Tomás Xavier Diaz





Tomás Xavier Díaz lives in Queens with his wife and two children. This is his fiction debut. 

Bottle of Water - A server wearing a Cleopatra necklace and what looks like an inverted sack sets a bottle of tap water in front of you. You’re too intimidated to ask for ice.


Vodka and Soda - Do you always drink vodka sodas, he asks. It’s an accusation. You decide not to tell him that vodka reacts least unfavorably to your anti-anxiety medication. Last week, at the bar where you meet all your first dates, he witnessed you ordering two of them. You didn’t want to like him because he habitually stroked his overpriced watch and rolled his eyes when you mentioned tennis, but later he made you laugh out loud four times and asked you about your mom’s cooking. Now, you again find yourself resenting him, almost as much as your tepid glass of water.


Rye Old Fashioned - As you complain to your date about your coworkers, you find yourself distracted by the block of ice in his cocktail. When did ice cubes get so big? And why? The server then brings your appetizer: a dish listed on the menu as “Tomatoes.” I ordered another vodka soda, you say. Lemme check on that, she replies.


Gamay, Beaujolais - He offers you a taste of his wine. I don’t really drink red, you say. You also hesitate at the idea of sharing a glass with him, even though you kissed him by the entrance to the L the other night. He tells you detailed stories about his travels, but so enthusiastically that he doesn’t seem to be bragging.


Nerello, Etna - When your date’s beef shoulder arrives, he requests a specific glass of wine. The server tells him that she’s just run out of it. He appears deeply disappointed by this. Then she mentions another glass that isn’t on the menu yet. This new choice excites him so much that you’re momentarily jealous of its sway over him. She pours him a taste. He puckers his notably full lips and slurps. Oh my God, he says, engaging the server with disarming eye contact. She recounts strange trivia about the wine as she fills his glass, like how the producer uses only animal-drawn tools to plant and harvest his vines. You aren’t sure how to absorb this detail; your grandparents couldn’t afford farming machines in their homeland and subsequently moved to New York to escape poverty.


Melon de Bourgogne, Muscadet - Maybe it's the mounting social pressure, but you decide to order a glass of white to go with your tilefish. It's cold in your throat and the taste reminds you of the beach in late spring when the ocean grips your toes with sharp claws. Wow, that’s nice, you say. You recount the time you were caught in a riptide while vacationing in Acapulco and how helpless you felt as the water sucked you farther and farther into its void. I’m still afraid of swimming, you tell your date, and there’s something unexpectedly intimate about unburdening this fear that’s been festering inside you. You watch the reflections of the candlelight in his dark irises. A David Bowie song you’ve never heard before plays loudly and you enjoy the sound of his lizardy voice and those hollow-sounding drums that everyone seemed to love in the 80s. You decide that you’re drunk and want to go dancing.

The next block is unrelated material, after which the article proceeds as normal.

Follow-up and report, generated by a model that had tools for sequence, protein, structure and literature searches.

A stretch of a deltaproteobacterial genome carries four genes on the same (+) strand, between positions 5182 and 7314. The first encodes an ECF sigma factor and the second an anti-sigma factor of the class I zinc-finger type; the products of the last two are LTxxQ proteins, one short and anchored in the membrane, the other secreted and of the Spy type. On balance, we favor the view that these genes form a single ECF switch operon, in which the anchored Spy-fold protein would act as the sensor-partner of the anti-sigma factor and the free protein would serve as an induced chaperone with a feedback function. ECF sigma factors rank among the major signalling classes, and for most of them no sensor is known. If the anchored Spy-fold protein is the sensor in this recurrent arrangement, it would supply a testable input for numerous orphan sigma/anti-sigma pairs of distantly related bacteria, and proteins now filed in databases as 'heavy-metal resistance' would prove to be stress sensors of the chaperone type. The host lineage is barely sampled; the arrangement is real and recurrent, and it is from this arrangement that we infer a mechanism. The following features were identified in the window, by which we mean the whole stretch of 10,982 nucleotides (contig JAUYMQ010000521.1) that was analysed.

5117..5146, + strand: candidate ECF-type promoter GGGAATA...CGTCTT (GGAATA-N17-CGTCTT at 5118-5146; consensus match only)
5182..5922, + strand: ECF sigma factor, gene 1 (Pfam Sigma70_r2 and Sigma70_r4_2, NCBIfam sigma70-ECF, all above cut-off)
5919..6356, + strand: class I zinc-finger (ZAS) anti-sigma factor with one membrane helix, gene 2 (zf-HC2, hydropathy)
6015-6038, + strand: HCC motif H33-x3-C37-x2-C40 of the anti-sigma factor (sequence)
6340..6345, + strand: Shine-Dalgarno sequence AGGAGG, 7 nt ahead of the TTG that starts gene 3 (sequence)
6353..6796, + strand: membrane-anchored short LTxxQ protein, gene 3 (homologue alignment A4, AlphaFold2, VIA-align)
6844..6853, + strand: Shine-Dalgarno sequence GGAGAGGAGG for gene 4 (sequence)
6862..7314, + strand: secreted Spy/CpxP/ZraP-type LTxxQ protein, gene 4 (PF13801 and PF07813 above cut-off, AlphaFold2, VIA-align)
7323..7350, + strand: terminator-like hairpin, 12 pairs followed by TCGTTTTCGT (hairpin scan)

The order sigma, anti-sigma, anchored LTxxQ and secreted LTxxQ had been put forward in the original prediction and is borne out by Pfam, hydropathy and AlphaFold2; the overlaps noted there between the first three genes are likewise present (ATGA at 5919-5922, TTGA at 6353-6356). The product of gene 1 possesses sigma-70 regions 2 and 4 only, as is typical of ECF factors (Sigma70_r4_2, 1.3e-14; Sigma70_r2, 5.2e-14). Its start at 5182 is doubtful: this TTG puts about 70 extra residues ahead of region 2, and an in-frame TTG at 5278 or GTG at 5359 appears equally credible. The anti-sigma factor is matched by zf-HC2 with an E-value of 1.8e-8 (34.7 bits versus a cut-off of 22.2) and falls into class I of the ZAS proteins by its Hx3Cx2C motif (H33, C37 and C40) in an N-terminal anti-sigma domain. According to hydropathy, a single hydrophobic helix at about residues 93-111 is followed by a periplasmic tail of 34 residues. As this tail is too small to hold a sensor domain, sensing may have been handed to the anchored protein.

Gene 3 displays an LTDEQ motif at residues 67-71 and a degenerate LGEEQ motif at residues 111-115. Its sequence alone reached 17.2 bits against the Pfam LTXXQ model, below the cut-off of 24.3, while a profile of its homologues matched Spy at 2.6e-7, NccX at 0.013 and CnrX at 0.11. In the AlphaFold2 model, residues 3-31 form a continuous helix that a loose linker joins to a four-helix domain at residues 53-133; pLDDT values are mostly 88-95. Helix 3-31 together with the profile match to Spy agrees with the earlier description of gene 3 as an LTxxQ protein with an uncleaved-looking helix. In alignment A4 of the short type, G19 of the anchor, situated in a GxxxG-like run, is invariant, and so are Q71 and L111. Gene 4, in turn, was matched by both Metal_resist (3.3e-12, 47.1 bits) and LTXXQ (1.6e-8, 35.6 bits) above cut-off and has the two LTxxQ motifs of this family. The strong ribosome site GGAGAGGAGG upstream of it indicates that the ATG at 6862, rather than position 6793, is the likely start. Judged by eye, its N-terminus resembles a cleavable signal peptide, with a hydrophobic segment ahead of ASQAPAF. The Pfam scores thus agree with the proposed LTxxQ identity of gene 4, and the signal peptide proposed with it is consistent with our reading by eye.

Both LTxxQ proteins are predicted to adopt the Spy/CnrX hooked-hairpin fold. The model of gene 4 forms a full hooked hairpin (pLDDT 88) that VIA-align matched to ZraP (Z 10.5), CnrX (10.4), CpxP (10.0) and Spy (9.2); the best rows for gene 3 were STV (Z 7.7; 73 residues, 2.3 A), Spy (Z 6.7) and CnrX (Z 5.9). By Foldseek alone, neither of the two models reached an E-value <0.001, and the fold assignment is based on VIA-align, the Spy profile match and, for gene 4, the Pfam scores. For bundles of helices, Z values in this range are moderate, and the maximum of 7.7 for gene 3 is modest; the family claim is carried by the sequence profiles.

Amaro Nonino - The server sets a beaker of muddy liquor in front of him. You ask to see the cocktail menu.


Last Waltz - You are surprised by the comically tall stick of rosemary protruding from your glass. The drink smells like the paste your mother would rub on your chest as a child when you were sick and tastes like the candy your grandparents used to keep in a brass bowl in the center of their coffee table. He watches you closely. You don’t take a second sip. You make a joke about your anti-anxiety meds, which you immediately regret.


Bourbon Whiskey - A silence falls over the table. You both lift your phones in perfect synchronicity. In a stream of texts, your roommate commands you with increasing urgency to join her at your favorite dance club. You look up at your date’s face, now bathed in the lunar glow of his screen, and try to imagine bringing him to the club. You can't seem to picture him moving in that molten sea of perspiring bodies, plastic cup of lighter fluid booze in hand. Would he even take a sip? Would he complain about the DJ? The bathroom? For a moment you fantasize about silently tapping that familiar icon on your phone’s screen and summoning a cab. Then you imagine the forgettable ride home that would follow, with its postcard view of the night skyline. The server returns. Maybe a bourbon, he meekly asks her. She faces you and silently demands your order. But you don’t want a drink. You want to move and sweat and scream -- with him, you realize. You finally ask him, Do you like dancing? His eyes go wide. Who doesn’t, he says with a smile. It’s a good smile. You turn to the server, who grips her notepad with white knuckles. A glass of ice, you say, and the check.

© The Acentos Review 2021